Robert Dudley, Earl of Leicester, liked salads, artichokes (from his own garden), and fish. Unlike King Philip II, who loved to go fishing1 but did not eat fish. (He secured a papal dispensation to eat meat on Fridays). For Robert Dudley the only option to escape court or social life for a few hours was to go fishing. This is mirrored in his account books: The earl did not carry cash money on his own person; he only received it from his treasurer to go fishing, on rare occasions.
Delivered to your lordship the same day to put in your lordship’s pocket when your lordship went a fishing to Benington ix s.
Further entries confirm that a sum of about ten shillings was the suitable amount for an aristocrat to pass a day on his own. For his fishing outfit Leicester wore a woollen cap, a “thrum hat”.2 He passed this 28 April 1585 at Benington, a country house in Hertfordshire that belonged to his wife Lettice’s jointure from her first marriage. Since the day before Leicester had been with the court (at Croydon) and returned there next day, we can be sure that he was not accompanied by his wife. Benington, apparently, was excellent for fishing, as the account book records that Leicester “fed fishe” there and also had trouts delivered from there to Croydon.3
But Robert Dudley did not just plunder his own fish ponds. In July 1569, the Duke of Norfolk found him fishing in the Thames, near his house at Kew.4 It had been given to Robert in 1558 by Queen Elizabeth, shortly after her accession. By the summer of 1569, the earl and England’s only duke were friends, plotting Norfolk’s marriage to Mary Queen of Scots. Previously they had been almost hereditary enemies, which however did not deter them from playing tennis. One match before the queen was said to have ended when Leicester wiped himself with Elizabeth’s napkin and the scandalized duke swore “that he would lay his racket upon his face”.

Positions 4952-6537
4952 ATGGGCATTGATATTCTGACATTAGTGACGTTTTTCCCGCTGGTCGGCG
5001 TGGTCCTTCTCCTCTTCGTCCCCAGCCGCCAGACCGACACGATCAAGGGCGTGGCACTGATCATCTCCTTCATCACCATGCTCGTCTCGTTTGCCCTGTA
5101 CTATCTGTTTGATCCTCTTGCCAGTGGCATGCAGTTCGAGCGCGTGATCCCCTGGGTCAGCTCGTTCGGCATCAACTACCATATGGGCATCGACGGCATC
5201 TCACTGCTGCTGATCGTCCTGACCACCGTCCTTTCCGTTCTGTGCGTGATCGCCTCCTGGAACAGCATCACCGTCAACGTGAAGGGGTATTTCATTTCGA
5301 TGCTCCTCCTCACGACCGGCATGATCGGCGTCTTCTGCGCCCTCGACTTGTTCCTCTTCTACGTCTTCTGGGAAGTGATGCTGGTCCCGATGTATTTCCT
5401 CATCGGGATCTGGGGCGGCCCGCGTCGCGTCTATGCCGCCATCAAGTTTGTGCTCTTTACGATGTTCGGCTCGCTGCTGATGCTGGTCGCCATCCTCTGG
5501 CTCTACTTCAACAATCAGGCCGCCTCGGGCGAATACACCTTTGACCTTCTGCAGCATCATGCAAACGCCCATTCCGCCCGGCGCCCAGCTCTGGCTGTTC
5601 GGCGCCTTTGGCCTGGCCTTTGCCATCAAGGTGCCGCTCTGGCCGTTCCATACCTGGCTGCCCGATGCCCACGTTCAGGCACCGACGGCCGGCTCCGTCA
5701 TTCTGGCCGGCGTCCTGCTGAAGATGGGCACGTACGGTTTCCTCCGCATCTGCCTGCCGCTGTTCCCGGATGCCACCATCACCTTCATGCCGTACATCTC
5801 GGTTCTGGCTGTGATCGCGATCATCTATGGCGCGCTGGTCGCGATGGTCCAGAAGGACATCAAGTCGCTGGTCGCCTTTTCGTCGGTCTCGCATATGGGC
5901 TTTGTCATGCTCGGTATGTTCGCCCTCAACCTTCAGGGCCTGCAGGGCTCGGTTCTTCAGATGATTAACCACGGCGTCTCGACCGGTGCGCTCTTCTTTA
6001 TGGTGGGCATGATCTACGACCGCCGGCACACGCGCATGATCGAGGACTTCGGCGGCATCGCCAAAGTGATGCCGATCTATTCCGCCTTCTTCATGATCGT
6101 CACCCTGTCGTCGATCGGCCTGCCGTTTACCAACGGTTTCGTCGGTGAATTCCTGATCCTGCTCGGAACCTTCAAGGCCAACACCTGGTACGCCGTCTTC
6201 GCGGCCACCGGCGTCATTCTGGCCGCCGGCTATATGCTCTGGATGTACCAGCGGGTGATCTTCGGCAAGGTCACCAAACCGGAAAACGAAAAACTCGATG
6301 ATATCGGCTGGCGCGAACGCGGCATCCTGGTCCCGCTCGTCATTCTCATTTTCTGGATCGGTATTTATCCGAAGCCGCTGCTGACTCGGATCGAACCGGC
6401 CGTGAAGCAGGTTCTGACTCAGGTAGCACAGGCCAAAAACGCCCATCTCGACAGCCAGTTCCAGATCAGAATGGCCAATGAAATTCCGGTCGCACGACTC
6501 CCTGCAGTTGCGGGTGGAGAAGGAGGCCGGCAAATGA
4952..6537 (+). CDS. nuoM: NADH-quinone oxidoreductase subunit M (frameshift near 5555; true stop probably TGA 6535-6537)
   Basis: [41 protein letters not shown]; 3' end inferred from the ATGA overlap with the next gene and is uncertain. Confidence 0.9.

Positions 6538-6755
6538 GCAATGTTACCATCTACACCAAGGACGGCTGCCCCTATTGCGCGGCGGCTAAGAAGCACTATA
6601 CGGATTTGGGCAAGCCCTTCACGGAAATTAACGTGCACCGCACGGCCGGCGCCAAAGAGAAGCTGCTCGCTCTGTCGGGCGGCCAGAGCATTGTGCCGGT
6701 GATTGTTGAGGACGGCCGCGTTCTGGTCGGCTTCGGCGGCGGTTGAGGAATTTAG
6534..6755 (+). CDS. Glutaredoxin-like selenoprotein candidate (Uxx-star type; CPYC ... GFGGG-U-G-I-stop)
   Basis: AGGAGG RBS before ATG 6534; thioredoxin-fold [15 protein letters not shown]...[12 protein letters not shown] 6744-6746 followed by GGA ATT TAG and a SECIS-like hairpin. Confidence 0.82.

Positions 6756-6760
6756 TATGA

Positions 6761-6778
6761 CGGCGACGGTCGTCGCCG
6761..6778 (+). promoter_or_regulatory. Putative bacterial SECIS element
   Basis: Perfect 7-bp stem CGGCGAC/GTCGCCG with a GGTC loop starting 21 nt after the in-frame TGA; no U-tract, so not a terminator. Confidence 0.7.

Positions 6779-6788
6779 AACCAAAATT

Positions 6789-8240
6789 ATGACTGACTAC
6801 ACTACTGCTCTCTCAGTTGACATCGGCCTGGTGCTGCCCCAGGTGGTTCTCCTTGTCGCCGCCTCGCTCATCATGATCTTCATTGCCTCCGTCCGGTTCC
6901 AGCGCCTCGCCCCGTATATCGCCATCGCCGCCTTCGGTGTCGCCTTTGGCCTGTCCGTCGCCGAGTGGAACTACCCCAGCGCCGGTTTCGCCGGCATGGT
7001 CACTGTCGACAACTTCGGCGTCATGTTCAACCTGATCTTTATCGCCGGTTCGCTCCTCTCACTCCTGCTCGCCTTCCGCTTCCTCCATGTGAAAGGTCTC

Even the Thames was not the biggest water Leicester tried for fishing, though. In March 1586 he chilled out on the Zuiderzee,5 Holland’s historic inland sea. Amid Elizabeth’s displeasure and nerve-racking political intrigue this outing must have been particularly refreshing.
1 Kamen 1998 pp. 184, 197
2 Jenkins 2002 p. 284
3 Adams 1995 pp. 246, 247, 26
4 Williams 1964 p. 156
5 Strong and van Dorsten 1964 p. 67
Adams, Simon (1995): Household Accounts and Disbursement Books of Robert Dudley, Earl of Leicester, 1558–1561, 1584–1586. Cambridge University Press.
Gristwood, Sarah (2007): Elizabeth and Leicester: Power, Passion, Politics. Viking.
Jenkins, Elizabeth (2002): Elizabeth and Leicester. The Phoenix Press.
Kamen, Henry (1998): Philip of Spain. Yale University Press.
Pfandl, Ludwig (1938): Philipp II. von Spanien. Gemälde eines Lebens und einer Zeit. Callwey.
Strong, R. C. and van Dorsten, J. A. (1964): Leicester’s Triumph. Oxford University Press.
Williams, Neville (1964): Thomas Howard, Fourth Duke of Norfolk. Barrie & Rockliff.